Saturday, June 18, 2011

Trinity Sunday

This week I will not be preaching a sermon at St. Benedict's because we will be visited by our Diocesan Bishop, who is also our Archbishop, the Most Rev. Mark D. Haverland. If you want a sermon for Trinity Sunday (as I know that some laymen charged with leading Morning Prayer in the absence of clergy use either these, or the Sermons for Lay Readers that features the work of Rev. Canon John Hollister), my offerings for Trinity Sunday may be found here and here. Certainly, no one can go wrong using Fr. Wells' excellent Bulletin Insert directly below. 

But, I do want to say something about Trinity Sunday for our readers. Put very simply, when God revealed the doctrine of the Trinity in Scripture, He did not do so by inspiring a writer to explain it. Neither did He do so by raising up someone to teach it in philosophical terms. Neither did this revelation come by "Doctrinal Development" as merely the product of consensus (and no doctrine ever did or could come that way). It was not revealed as an intellectual proposition, or as an abstract formula.

The simple fact is, the revelation of the Trinity came to us by Divine action (and you really must read Fr. Wells' insert in the post directly below). To begin with, it is indicated in the Biblical account of creation, and then it became a very clear revelation in the Biblical account of our salvation. And, when I say Biblical account, I mean the Scriptures are the record of God's revelation; in this case, the written record of His actions. It is in the Divine action of God coming into the world by the Incarnation and then on Pentecost, that this revelation was given.

As I wrote in the sermon from 2009:

"The formula for baptism is 'In the Name of The Father and of the Son and of the Holy Ghost (or Holy Spirit).' The revelation of this Name, indeed, this One Name, is the end result in Matthew's Gospel, of all that Jesus did and said. Now, we know God. The revelation of this One Name of The Father and the Son and the Holy Spirit, could not be given to us before the Incarnation of the Word; the Name could not be revealed before Christ's atoning death in which he took away the sins of the world; the Name could not be revealed until after he defeated death itself and rose from the grave. The Name could be revealed only after we see the full picture of the Son, in his complete victory for our sakes over sin and death, having cast out the prince of this world in his Passion and Resurrection. And, it had to be revealed right then, just before the Ascension and the ten days when the disciples were about to stand on that bridge between the coming of the first Comforter and the coming of the other Comforter; that is, between the coming of Christ our Advocate (παράκλητος, paraklētos I John 2:1), and the coming of "the other Comforter" (same word, παράκλητος, paraklētos, John 14:16,17), the Spirit of Truth.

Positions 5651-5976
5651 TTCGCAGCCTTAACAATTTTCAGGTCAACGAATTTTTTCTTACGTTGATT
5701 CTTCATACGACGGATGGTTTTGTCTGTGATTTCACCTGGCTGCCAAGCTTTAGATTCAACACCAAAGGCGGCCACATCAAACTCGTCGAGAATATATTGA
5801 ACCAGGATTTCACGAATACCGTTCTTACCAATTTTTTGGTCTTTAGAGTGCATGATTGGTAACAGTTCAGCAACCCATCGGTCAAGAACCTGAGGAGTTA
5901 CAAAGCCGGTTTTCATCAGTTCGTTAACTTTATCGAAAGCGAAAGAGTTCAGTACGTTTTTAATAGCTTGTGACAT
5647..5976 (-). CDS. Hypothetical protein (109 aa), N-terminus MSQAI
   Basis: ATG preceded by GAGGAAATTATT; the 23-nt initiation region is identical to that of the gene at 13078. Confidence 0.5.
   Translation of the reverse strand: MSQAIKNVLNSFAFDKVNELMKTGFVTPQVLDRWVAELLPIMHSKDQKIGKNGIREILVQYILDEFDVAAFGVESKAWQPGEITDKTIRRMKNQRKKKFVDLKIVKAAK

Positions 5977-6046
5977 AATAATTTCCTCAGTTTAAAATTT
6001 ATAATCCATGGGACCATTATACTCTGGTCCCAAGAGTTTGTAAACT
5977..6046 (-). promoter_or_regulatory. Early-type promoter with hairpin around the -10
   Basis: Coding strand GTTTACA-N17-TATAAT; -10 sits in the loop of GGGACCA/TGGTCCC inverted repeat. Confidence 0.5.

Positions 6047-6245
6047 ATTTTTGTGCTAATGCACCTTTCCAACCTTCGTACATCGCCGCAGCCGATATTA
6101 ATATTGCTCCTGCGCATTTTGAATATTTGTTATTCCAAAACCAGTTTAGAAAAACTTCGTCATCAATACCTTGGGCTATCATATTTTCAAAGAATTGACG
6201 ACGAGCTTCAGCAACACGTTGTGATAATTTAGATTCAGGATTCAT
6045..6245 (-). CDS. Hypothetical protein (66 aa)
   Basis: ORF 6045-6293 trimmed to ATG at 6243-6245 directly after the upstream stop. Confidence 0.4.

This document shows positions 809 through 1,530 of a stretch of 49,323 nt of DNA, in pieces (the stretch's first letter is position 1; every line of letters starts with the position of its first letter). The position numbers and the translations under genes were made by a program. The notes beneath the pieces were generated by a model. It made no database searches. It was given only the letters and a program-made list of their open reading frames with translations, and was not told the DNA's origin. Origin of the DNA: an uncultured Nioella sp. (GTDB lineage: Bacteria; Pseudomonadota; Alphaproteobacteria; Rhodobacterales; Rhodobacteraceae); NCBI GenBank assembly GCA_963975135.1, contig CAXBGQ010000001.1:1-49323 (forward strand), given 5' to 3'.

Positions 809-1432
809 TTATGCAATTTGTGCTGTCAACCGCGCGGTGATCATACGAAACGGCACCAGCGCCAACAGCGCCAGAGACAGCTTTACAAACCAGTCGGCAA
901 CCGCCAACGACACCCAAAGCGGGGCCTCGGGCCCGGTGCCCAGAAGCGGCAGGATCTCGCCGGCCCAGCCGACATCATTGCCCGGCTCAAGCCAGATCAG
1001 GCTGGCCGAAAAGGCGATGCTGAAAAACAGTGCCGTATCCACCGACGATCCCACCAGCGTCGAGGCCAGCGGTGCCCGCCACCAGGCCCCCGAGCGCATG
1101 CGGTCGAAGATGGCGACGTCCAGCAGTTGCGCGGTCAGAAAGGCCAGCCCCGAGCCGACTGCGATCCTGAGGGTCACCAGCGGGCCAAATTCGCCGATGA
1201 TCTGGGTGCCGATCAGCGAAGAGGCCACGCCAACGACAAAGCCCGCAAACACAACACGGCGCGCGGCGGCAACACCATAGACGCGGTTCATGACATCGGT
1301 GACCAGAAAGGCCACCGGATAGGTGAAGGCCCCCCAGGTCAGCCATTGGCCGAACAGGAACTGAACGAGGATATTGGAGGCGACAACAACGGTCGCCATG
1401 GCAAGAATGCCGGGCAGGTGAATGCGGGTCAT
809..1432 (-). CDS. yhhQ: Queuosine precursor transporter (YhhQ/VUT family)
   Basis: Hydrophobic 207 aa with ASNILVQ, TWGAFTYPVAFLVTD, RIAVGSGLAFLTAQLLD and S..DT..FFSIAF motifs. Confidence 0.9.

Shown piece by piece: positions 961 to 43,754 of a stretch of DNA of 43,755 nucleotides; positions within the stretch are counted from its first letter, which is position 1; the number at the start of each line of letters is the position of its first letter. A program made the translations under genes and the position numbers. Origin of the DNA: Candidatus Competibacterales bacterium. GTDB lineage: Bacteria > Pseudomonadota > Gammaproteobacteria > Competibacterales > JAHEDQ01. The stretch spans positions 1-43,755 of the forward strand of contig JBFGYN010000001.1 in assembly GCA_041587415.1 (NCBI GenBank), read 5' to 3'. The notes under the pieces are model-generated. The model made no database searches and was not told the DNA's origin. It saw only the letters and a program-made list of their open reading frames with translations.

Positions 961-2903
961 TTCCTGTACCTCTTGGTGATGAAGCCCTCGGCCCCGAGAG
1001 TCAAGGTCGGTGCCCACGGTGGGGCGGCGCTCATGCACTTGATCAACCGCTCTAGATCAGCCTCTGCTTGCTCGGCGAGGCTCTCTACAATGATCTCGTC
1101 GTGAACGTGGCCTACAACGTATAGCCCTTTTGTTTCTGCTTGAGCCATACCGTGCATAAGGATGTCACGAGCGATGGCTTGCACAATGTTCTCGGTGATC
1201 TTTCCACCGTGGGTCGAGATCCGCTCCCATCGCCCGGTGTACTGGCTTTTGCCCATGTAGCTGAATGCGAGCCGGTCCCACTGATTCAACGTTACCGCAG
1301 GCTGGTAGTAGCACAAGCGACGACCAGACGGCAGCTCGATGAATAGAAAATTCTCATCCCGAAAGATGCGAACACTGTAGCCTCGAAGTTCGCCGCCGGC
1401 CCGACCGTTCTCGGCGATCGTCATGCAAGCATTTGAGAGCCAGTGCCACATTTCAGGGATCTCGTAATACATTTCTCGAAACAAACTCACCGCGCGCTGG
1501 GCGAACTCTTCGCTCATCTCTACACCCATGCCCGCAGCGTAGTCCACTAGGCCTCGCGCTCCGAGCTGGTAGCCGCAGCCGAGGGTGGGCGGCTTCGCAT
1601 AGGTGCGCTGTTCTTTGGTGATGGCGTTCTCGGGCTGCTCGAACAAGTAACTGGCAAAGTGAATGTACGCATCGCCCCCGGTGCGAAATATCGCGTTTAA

"God the Father has been perfectly (Heb. 1:1f) revealed by the Son; and the Father and the Son are known only through the Holy Spirit (John 15:26). Therefore, the revelation of the Divine Name is also the revelation of our salvation, for the revelation of the One Divine Name of The Father and the Son and the Holy Spirit came only out of the mouth of Jesus Christ after he had accomplished all things, and was ready to go back to the Father in order to send the other Paraklētos. The new life, into which we are born again in baptism, is eternal life; that eternal life is to know the God of this revelation intimately.

"And I will pray the Father, and he shall give you another Comforter, that he may abide with you for ever; even the Spirit of truth; whom the world can not receive, because it seeth him not, neither knoweth him: but ye know him; for he dwelleth with you, and shall be in you. ..And this is life eternal, that they might know thee the only true God, and Jesus Christ, whom thou hast sent. (John 14:16,17; 17:3) 

"Eternal life is to know the Spirit of Truth, for he alone reveals the Son. It is to know the Son, for he alone reveals the Father. It is to know the Father. Our salvation and eternal life is to know the Father and the Son and the Holy Spirit."

The revelation of the Trinity could not have been invented by human imagination. Indeed, it humbles human intellect. Can we even begin to ponder it? The name given by the Risen Lord was revealed on His lips; but this was not simply a teaching for the human mind to ponder. The words spoken by the Risen Christ ("baptizing them in the Name of the Father and of the Son and of the Holy Ghost") did not come in a vacuum, as words isolated from experience. 

Those words came on that bridge between God's two great revelations thus far, the Incarnation and Pentecost - or between (if I may dare say it) the two Incarnations of the Word made flesh, and the Church made into the Body of Christ (the final revelation will be when Christ returns on the Last Day). The Name was revealed in the context of Divine action, specifically the redemption and salvation of all who are in Christ, and their mission to spread that salvation in the world.

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